Purple Day and Pius IX

Today is Purple Day. The inspiration of Cassidy Megan, this day calls for the wearing of purple so as to raise awareness of epilepsy.

While there are several saints that are connected with the curing of leprosy, it’s not easy to find a Catholic saint who suffered from epilepsy – though some have speculated that Saint Joan of Arc may have had epilepsy. Certainly the stigmatization of epilepsy and past tendencies to see the epileptic as “possessed” have contributed to this. Indeed, until the most recent Code of Canon Law in 1983, an epileptic could not be ordained to the priesthood.

Bl. Pius IX, Giovanni Maria Mastai Ferretti, too faced this prejudice. He applied to enter the Papal Noble Guard in 1815, but after experiencing an epileptic seizure he was forced to leave. However Pope Pius VII supported his vocation, though for awhile it was required that another priest assist Giovanni during the liturgy. Giovanni would later take the name Pius in honor of Pius VII.

While Pius IX would later assert that Our Lady of Loretto had cured him of his epilepsy there are signs that he continued to struggle with seizures – albeit less often – and that, perhaps, it was an epileptic seizure that contributed to his death. There is also some indication that Pius IX’s belief that the Mother of God had healed him was part of his motivation to proclaim the doctrine of the Immaculate Conception in 1854.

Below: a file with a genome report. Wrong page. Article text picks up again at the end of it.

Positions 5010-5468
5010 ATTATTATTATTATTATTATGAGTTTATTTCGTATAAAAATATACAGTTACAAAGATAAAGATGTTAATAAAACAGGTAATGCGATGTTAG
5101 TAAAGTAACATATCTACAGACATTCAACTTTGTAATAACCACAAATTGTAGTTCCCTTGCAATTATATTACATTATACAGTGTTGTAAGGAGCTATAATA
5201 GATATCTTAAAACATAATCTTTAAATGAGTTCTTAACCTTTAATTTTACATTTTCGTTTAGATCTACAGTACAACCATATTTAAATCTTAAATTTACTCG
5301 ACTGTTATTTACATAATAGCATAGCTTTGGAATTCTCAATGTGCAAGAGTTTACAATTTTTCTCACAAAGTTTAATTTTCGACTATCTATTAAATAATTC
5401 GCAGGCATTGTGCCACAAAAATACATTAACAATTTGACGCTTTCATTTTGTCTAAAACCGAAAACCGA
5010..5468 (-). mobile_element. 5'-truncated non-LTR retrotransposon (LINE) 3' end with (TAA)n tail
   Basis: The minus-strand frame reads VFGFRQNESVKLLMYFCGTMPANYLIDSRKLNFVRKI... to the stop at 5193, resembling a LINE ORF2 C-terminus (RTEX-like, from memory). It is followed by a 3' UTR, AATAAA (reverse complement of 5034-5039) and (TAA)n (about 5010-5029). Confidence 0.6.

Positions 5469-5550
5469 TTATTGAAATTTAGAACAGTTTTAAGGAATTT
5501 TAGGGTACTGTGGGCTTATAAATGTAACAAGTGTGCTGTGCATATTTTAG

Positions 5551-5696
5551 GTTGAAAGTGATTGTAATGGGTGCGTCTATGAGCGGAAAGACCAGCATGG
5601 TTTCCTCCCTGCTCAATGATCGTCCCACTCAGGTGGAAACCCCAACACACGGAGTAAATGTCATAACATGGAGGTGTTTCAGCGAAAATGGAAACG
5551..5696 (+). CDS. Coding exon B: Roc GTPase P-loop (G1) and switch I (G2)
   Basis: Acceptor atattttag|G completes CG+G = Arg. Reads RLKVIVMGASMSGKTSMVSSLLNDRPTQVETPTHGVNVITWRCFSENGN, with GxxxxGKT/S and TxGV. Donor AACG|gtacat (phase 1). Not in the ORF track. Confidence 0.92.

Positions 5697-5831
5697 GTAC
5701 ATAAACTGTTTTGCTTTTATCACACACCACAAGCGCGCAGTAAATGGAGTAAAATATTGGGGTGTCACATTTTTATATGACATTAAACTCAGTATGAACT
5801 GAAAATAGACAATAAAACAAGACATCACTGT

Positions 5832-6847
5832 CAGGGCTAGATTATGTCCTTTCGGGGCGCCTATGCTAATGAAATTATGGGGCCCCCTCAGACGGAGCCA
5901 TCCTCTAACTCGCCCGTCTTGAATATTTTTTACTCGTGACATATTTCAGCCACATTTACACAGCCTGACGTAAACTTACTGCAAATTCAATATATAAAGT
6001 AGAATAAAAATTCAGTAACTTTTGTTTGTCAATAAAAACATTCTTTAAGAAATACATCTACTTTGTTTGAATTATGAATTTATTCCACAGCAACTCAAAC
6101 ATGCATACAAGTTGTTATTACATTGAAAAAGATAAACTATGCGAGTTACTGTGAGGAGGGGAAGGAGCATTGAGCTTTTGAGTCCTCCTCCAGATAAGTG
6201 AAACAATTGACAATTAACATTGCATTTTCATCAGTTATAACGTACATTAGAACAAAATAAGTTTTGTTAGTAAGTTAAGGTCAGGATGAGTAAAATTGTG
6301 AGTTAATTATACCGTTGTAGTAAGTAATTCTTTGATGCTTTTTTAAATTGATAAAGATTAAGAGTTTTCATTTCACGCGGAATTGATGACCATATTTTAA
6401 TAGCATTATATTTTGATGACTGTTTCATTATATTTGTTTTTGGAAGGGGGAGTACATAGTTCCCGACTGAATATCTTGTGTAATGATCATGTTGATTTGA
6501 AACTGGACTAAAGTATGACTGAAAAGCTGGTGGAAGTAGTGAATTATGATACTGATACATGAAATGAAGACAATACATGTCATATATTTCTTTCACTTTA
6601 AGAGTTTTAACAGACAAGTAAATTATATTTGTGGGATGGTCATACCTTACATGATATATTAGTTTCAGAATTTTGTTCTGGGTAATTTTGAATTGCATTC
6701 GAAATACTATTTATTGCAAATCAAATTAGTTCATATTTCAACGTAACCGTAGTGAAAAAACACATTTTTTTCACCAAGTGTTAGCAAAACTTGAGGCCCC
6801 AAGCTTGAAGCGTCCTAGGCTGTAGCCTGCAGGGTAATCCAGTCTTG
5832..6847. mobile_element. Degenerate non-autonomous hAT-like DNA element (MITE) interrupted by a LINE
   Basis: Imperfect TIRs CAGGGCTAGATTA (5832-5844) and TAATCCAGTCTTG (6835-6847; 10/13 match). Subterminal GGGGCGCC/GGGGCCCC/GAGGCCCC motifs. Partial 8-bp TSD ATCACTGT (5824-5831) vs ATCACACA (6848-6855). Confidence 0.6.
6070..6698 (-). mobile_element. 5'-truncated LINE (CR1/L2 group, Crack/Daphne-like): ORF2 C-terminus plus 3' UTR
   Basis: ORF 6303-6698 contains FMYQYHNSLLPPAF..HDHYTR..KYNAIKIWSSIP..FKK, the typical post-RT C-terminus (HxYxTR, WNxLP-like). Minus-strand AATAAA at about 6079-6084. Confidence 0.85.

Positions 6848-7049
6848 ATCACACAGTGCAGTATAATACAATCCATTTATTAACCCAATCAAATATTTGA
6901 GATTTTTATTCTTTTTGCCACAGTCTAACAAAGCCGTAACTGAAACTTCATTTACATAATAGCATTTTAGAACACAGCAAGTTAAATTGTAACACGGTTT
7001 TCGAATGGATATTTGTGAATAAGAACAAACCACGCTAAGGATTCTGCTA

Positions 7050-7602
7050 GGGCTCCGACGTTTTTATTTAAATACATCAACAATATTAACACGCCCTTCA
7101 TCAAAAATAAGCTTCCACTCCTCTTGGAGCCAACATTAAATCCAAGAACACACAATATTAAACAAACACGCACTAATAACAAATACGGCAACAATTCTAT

After his death, the issue of epilepsy continued to color interpretations of Pius IX and his actions.

There is a very interesting paper on this subject by Joseph I. Sirven, MD, Joseph F. Drazkowski, MD and Katherine H. Noe, MD, PhD entitled Seizures Among Public Figures: Lessons Learned From The Epilepsy of Pope Pius IX which was published by the Mayo Clinic in 2007. If these authors are correct in their assertions perhaps Bl. Pius IX should be the patron saint of Purple Day.

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